I delved deeper. A quick Google got me screens full of free tests, self assessments and how to fiddle the results. I did six tests and lied in all of them. I found it effortless to disguise myself as both Hitler and Mother Teresa; a people person and a loner; innovative and a ludite. Gimme strength! If this is what goes on in pharma companies then it is time for a serious rethink and it's no surprise that recruitment and retention of staff is a growing problem.


Expert fakers
The quaintly known concept of motivational distortion screws up the validity of these tests from the outset. Candidates can easily recognise the types of behaviour that organisations are looking for. Job hopefuls and promotion hunters are expert at this stuff!

Now, it is true that there are some really good personnel people who know about things called `faking scales'. However, the most well-known and widely used psychometric test does not have a faking scale, so no one knows if the result is a reflection of the individual or an image created for the benefit of the company. 'Validity' is another factor. In other words, does the test do what it says on the tin? For example: IQ - can a test sort out the intelligent from the stupid?

Apparently, the answer is, yes, no, sometimes and maybe!

Of course, insecure managers that rely on this hocus-pocus do so because they can't judge the thickness of a rice pudding skin, never mind someone's character.

They want the tests to deliver predictive validity - ie, how someone might behave in the future. Once again, as far as I can see, the test used by most of the pharma industry doesn't claim to have any predictive validity. In fact, knowing someone's personality type does not predict how they will behave because people can, and do, behave in many different ways and that often includes behaviours that are not their preference.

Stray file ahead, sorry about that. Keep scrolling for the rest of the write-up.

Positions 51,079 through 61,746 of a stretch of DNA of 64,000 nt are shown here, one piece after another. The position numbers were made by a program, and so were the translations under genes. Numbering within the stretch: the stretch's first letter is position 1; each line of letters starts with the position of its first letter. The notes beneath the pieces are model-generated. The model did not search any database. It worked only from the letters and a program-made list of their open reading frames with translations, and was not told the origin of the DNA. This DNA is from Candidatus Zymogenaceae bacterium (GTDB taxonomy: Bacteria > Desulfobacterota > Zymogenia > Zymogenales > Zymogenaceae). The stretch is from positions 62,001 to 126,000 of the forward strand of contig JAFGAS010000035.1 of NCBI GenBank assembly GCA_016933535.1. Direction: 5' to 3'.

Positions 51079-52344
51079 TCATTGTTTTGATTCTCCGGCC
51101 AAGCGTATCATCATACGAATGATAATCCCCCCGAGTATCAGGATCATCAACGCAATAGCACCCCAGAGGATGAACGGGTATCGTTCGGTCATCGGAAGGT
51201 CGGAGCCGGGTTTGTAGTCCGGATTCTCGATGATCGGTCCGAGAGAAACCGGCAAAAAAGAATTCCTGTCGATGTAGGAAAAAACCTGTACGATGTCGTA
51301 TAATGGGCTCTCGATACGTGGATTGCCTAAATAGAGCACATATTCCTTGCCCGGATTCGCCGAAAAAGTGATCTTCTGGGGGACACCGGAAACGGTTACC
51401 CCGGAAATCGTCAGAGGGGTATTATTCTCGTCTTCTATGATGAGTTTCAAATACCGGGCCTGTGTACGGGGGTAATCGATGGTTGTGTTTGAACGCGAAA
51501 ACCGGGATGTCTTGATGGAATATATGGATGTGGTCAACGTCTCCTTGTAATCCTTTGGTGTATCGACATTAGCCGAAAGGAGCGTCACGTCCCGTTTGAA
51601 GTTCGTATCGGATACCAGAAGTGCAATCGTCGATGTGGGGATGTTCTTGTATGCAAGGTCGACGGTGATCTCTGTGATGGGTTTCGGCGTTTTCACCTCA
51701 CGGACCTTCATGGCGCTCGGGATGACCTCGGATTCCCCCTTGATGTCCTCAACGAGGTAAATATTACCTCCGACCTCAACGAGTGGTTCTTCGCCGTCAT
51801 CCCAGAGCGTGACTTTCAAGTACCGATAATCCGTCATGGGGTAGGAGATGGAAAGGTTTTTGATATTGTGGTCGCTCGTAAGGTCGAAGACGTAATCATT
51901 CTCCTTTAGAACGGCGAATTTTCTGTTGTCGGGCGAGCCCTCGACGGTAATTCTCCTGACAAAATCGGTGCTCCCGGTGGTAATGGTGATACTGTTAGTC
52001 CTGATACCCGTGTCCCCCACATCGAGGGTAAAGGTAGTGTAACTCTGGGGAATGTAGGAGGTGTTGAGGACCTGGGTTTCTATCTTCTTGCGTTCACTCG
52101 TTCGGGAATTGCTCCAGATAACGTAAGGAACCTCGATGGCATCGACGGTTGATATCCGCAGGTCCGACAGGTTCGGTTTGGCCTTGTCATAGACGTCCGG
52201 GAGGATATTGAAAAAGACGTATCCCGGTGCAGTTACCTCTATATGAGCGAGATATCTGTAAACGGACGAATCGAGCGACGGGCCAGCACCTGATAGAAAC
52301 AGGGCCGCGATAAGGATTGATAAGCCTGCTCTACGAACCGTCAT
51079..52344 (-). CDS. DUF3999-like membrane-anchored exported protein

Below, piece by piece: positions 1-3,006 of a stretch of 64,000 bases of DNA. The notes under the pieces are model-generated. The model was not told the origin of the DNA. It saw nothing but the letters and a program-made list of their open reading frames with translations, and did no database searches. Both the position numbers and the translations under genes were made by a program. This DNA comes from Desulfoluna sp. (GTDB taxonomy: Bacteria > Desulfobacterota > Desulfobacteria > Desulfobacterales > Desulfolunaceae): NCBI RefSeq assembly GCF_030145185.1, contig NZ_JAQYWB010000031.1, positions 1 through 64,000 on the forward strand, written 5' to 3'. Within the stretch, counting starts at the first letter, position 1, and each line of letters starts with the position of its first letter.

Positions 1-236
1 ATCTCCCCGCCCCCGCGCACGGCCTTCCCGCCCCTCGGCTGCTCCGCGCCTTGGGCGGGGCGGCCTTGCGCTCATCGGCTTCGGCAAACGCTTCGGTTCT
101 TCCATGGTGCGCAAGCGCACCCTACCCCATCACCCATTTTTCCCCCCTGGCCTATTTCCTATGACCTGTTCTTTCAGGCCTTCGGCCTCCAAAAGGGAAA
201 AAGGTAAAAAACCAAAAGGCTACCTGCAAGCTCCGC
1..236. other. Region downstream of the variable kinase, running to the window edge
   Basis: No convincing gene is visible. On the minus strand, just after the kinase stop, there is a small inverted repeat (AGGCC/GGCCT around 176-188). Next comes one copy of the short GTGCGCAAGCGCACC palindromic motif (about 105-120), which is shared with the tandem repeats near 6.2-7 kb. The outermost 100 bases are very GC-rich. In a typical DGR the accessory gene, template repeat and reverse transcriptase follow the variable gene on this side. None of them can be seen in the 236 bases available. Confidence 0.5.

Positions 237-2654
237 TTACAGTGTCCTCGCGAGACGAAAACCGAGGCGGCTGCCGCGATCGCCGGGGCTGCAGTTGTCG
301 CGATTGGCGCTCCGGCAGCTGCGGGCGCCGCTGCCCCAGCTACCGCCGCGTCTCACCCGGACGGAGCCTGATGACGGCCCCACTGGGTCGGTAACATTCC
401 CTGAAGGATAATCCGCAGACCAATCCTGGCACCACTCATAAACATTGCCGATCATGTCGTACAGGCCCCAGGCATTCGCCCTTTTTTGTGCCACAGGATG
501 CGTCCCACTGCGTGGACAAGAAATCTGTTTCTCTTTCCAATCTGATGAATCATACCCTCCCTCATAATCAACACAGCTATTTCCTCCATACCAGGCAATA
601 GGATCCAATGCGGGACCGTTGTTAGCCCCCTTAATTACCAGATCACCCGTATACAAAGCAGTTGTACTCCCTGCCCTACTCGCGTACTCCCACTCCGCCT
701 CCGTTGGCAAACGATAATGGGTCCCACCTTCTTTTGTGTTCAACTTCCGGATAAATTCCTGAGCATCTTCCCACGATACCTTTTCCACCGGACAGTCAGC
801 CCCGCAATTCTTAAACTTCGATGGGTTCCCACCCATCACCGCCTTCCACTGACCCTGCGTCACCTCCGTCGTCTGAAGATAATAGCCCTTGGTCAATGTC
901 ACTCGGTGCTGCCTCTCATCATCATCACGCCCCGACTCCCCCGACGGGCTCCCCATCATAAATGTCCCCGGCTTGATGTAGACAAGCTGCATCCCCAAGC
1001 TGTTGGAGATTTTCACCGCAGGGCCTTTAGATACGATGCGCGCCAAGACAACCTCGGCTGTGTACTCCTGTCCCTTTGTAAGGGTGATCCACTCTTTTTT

In plain English; if you are right footed, it does not mean that you will never use your left foot.

These tests measure preference, not competence. If someone prefers to behave in a certain way but is no good at it, it'll be a disaster. Moreover, the poor interpretation of a test can encourage the dishonest and scar the genuine.

Why's this important? Well, the next round of changes to the NHS - merging PCT's, down-sizing regions and the emerging significance of the private sector as a provider of care - means a different shaped customer for pharma.

As it gets tougher and tougher for pharma field forces to access doctors, fight off pharmacy advisers, quarrel with invisible formulary directors, limbo under generic prescribing targets and gainsay NICE guidance, it is imperative that pharma recruits and keeps the right people.

Bright people, single-minded people, tenacious people, clued up people and entrepreneurial people. Just the kind of people who can con the HR department and fake a psychometric test!

The Author
Roy Lilley is a healthcare author and broadcaster. He has written several books and is well known for his sometimes controversial opinions

2nd September 2008